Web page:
History courses use free digital tools to bring the ancient world to life
Kevin Kaatz is having technical difficulties.
He’s staring down the barrel of two-dozen sets of eyes, 240 fingers poised at laptops and several raised eyebrows.
Kaatz is trying, unsuccessfully, to show his Cal State East Bay students how to build the website that is their final project. But due to a fickle Wi-Fi connection, the progress bar on the computer screen has stopped in its tracks a quarter of the way to its destination.
The minutes tick by. Someone coughs. Students check their phones.
Kaatz tries once more.
This time, the bar lurches across the screen and the page updates. The assistant professor of history clears his throat and continues.
The whole episode is an unwelcome delay, but these are the moments, however unrelated to the study of ancient religion, that are proving valuable to students.
Because the truth is, it’s uncertain when those taking Kaatz’s course will need to know why fourth-century Arians and Catholics couldn’t get along (though the use of Taylor Swift’s “We Are Never, Ever Getting Back Together” breakup anthem to drive the point home is catchy).
But knowing how to create websites, blogs, interactive videos, produce recordings, publish digital content — and work through the inevitable technical difficulty — isn’t going out of style anytime soon.
To be clear, though, the professor’s first passion is history.
“Sewers aren’t new. Roads aren’t new. Tall buildings aren’t new. I try to help the students unpack that almost everything we do is affected by what people did 3,000 years ago,” says Kaatz, who also teaches ancient civilization. “The most important thing is having them apply it to today … they have to be able to answer, ‘How does this affect me?’”
So, in 2011, when he heard about the availability of grants for “bottleneck” (impacted) courses through the CSU Chancellor’s Office, he — along with Department of History Chair Linda Ivey and Lecturer Nancy Park — began doing the necessary research to apply. Though the history classes turned out not to qualify by virtue of enrollment numbers, what the professors did find was an abysmal failure rate for online courses (up to 20 percent in some cases) that won them the money for course redesign.
Kaatz used his opportunity to go digital — both virtually and in real time.
“When I first got in there, it was a shock how much of the work was online,” says Crystal Maciel, a transfer student from Los Medanos City College who took Kaatz’s in-person ancient religion course. “The first day of class was stressful. I’m just used to writing papers. I was like, ‘OK — hold on, how am I supposed to do this? I don’t know how to do any of this stuff!’”
“I think students expect when they take a history course to just listen to a lecture, write a paper, and take an exam,” Kaatz says. “I get at least one email every semester asking, ‘Can’t you just give us a lecture?’”
The answer is no.
Through an online curation tool called scoop.it, Kaatz finds free web applications that give students “skin in the technology game” (no coding involved) after they choose a topic of interest to focus on. “They all have phones, they all have computers, they’re all watching YouTube videos … but I would estimate 90 percent of them have never made a website. In my class, they’re not just consuming all this (media) — they’re creating it.”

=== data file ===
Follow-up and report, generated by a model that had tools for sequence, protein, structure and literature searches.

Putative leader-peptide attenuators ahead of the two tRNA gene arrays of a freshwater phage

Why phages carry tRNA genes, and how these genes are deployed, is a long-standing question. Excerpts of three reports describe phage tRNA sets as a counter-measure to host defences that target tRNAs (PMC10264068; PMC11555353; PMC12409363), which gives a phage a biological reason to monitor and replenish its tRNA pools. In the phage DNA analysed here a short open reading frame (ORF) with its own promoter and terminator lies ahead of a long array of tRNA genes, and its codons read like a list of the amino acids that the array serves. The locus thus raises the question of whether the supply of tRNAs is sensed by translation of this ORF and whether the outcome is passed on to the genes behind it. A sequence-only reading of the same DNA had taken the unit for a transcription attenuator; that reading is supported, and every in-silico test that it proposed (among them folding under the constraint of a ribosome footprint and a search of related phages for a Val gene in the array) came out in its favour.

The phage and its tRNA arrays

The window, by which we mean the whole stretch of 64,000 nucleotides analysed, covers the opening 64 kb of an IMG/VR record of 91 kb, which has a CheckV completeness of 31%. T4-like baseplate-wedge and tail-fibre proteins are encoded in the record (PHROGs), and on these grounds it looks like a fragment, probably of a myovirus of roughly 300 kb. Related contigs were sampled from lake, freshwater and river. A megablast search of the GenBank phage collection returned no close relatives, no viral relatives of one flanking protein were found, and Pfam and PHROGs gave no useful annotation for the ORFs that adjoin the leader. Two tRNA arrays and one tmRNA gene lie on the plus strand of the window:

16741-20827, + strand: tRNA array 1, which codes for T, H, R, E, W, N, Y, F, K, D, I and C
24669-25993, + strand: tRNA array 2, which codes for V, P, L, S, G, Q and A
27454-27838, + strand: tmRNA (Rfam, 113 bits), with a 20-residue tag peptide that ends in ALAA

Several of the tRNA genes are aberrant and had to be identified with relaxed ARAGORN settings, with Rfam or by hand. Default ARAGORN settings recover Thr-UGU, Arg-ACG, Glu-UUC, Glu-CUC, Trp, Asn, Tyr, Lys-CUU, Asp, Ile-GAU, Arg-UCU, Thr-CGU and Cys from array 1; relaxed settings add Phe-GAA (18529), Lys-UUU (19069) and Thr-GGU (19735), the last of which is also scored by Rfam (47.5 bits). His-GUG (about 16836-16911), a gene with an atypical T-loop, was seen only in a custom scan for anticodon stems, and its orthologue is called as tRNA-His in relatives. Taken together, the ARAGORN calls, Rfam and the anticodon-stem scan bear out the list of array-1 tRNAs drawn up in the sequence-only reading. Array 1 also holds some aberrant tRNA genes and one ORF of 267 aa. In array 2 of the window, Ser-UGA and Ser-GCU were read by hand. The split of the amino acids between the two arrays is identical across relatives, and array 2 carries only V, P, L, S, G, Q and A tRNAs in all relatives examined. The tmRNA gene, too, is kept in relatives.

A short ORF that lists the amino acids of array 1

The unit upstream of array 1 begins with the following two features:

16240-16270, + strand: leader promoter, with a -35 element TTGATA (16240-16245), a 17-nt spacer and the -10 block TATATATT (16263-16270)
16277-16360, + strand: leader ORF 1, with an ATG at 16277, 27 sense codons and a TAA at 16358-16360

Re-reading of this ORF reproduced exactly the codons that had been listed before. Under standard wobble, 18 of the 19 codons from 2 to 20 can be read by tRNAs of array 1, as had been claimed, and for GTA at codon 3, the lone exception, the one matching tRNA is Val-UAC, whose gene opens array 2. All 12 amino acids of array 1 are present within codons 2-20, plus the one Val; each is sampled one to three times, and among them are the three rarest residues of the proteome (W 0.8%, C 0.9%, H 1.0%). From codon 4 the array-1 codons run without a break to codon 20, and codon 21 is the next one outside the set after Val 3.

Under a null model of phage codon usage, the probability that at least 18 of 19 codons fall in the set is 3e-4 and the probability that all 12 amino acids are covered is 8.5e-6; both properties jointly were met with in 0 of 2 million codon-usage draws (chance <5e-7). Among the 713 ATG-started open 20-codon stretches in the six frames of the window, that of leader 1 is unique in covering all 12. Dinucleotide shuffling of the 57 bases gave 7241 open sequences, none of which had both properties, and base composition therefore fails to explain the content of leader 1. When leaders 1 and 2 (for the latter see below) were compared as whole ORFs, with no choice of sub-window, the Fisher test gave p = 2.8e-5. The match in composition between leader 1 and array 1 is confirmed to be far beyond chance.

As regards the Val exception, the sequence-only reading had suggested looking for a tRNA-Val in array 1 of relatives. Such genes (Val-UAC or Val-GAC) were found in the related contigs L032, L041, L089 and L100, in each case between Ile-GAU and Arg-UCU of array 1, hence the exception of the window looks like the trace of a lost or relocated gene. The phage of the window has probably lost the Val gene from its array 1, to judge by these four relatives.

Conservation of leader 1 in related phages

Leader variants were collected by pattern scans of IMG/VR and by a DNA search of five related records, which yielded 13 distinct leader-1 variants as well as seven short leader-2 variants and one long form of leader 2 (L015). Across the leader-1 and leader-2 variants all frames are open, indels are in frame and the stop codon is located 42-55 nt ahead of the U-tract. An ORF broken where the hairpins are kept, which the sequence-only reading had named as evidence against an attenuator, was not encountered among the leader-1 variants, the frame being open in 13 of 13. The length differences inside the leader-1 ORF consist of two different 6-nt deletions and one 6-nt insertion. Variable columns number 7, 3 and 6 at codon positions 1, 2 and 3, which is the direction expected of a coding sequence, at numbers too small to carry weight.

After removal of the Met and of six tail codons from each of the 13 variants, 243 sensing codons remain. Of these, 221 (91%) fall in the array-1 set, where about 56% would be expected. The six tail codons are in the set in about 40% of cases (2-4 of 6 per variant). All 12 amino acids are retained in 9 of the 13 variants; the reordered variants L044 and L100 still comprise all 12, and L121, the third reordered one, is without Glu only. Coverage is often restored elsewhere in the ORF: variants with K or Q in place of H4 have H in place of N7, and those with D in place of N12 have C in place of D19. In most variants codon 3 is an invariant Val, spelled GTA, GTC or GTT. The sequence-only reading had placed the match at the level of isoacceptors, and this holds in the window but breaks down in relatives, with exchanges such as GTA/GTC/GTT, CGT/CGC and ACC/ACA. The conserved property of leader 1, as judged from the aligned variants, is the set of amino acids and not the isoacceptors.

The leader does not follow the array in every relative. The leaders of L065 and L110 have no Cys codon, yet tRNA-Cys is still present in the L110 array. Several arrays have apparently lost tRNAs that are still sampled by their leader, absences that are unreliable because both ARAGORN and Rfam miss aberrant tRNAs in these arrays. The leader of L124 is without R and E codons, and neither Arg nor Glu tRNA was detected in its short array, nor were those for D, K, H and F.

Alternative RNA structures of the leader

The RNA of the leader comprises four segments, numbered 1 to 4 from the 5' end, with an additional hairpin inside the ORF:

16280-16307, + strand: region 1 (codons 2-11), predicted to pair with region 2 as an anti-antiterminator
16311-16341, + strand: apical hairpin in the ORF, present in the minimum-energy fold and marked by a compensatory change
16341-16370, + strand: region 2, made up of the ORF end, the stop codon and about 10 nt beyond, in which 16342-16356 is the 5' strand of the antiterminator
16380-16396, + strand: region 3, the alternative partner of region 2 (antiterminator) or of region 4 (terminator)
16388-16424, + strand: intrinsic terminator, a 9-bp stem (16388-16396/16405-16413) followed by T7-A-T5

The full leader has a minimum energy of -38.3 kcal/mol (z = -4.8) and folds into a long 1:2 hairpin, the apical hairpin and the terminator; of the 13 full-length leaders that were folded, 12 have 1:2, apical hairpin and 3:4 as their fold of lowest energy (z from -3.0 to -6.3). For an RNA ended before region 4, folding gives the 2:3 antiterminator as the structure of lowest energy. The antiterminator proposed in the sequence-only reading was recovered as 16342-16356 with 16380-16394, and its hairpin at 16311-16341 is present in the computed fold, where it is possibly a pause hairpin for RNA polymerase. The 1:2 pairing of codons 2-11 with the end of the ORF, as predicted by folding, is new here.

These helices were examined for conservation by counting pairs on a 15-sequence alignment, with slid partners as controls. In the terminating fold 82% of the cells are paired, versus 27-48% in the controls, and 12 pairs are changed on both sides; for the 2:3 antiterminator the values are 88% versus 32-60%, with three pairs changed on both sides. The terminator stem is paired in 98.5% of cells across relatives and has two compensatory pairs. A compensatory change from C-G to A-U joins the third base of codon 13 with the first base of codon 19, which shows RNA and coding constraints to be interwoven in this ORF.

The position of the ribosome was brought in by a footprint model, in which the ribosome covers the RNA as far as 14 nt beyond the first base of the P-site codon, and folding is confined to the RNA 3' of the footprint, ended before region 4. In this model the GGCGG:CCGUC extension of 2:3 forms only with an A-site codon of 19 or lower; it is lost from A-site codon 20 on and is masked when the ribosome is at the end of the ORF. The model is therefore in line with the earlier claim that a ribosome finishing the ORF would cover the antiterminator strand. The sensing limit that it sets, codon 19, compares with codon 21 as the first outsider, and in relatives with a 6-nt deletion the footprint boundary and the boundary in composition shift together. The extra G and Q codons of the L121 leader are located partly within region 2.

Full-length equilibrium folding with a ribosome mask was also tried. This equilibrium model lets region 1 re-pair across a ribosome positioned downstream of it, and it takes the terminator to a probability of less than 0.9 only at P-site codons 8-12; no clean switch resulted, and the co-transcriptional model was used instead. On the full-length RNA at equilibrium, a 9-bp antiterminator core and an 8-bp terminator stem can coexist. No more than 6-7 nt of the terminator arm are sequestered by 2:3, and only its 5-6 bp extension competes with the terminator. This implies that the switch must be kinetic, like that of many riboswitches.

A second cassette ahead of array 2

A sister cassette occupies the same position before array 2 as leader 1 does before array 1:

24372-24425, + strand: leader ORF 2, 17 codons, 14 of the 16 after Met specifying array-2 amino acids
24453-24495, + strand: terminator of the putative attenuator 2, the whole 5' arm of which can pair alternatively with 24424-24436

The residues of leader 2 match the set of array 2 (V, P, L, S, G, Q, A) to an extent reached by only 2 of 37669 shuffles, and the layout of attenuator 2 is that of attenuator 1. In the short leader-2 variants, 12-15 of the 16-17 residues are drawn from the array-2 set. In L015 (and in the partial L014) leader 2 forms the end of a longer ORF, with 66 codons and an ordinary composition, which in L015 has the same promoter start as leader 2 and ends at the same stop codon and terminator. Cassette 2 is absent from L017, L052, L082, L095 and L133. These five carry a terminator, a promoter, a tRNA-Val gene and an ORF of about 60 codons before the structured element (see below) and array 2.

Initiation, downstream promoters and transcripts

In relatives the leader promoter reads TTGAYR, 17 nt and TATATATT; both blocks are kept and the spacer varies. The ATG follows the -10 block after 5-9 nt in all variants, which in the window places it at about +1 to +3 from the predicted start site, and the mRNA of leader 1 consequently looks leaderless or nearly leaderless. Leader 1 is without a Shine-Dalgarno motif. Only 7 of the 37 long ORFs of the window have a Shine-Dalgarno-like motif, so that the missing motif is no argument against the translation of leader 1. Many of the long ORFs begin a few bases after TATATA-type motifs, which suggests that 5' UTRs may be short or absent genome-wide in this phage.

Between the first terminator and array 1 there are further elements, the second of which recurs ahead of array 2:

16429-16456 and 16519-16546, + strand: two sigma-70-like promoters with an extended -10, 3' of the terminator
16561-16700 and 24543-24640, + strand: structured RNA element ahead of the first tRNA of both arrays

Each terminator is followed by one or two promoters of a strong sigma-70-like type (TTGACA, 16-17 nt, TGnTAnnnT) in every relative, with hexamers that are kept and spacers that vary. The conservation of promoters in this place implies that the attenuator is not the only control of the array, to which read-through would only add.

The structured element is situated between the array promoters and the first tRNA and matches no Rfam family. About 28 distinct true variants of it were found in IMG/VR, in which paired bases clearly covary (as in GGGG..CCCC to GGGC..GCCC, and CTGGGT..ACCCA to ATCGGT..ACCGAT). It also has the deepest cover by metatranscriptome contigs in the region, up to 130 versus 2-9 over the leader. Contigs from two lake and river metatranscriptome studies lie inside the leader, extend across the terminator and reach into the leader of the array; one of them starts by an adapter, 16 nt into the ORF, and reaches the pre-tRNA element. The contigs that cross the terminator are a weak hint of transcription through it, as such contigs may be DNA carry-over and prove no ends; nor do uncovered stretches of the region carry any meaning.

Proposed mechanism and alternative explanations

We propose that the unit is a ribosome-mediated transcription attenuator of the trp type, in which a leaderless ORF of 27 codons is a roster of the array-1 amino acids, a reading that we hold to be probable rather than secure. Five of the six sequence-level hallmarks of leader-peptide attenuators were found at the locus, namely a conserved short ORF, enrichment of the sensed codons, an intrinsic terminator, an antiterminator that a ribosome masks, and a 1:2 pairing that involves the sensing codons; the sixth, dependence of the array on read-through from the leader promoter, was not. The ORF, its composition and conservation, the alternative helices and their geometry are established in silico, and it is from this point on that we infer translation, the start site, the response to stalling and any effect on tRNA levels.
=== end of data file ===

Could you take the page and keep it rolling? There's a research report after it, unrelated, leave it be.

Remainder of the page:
Maciel, who is a math major and wants to teach, admits to being a regular at Kaatz’s desk after class, and to plying other students with questions about her own technical difficulties. “I had never made a website, never (written) blogs, never made a video, especially (not) an interactive one,” Maciel says. “With the way that technology is going, these are skill sets everyone is going to need. I could see myself using this (in a teaching career) for notes, to create review videos online, or for a personal website to look for jobs.”
And the class format only seems to drive the history lessons deeper. Although Maciel’s older brother, father and grandfather all went to college, she’s the first woman in her family to do so, and she chose to concentrate her website, blogs, videos, etc. on women in early Christianity.
“You only hear about Mary Magdalene and Mary, the mother of Jesus … but if you look, you find all these women,” she exclaims. “And after the fourth century, it just gets so much harder (to study women) because people stopped writing about them. And all these images that I chose to feature on my website are only just what someone thinks these women might look like, because we really don’t know.”
It’s the kind of enthusiasm that has slashed failure rates in Kaatz’s online classes by more than half — to just eight percent. And, as he prepares to go after phase II of the grant funding, the professor says he wants to incorporate even more tools that cross-pollinate the lessons of the past with skills of the future, such as having students use the engineering video game Minecraft to rebuild ancient cities.
In the meantime, there is no greater measure of success for Kaatz than seeing his students’ projects take off online — and inspire them to keep learning about the ancient world. “In one case I had an older student who said to me, ‘I don’t understand electronics,’” Kaatz recalls. “And I just said, ‘Relax. Follow the instructions. This is something that you can do, and that lots of people are doing. I went back six months after the class — and this is a student who wanted to drop, and he ended up doing just fine — and he was still adding new material to his website, all on his own. That made me really happy.”
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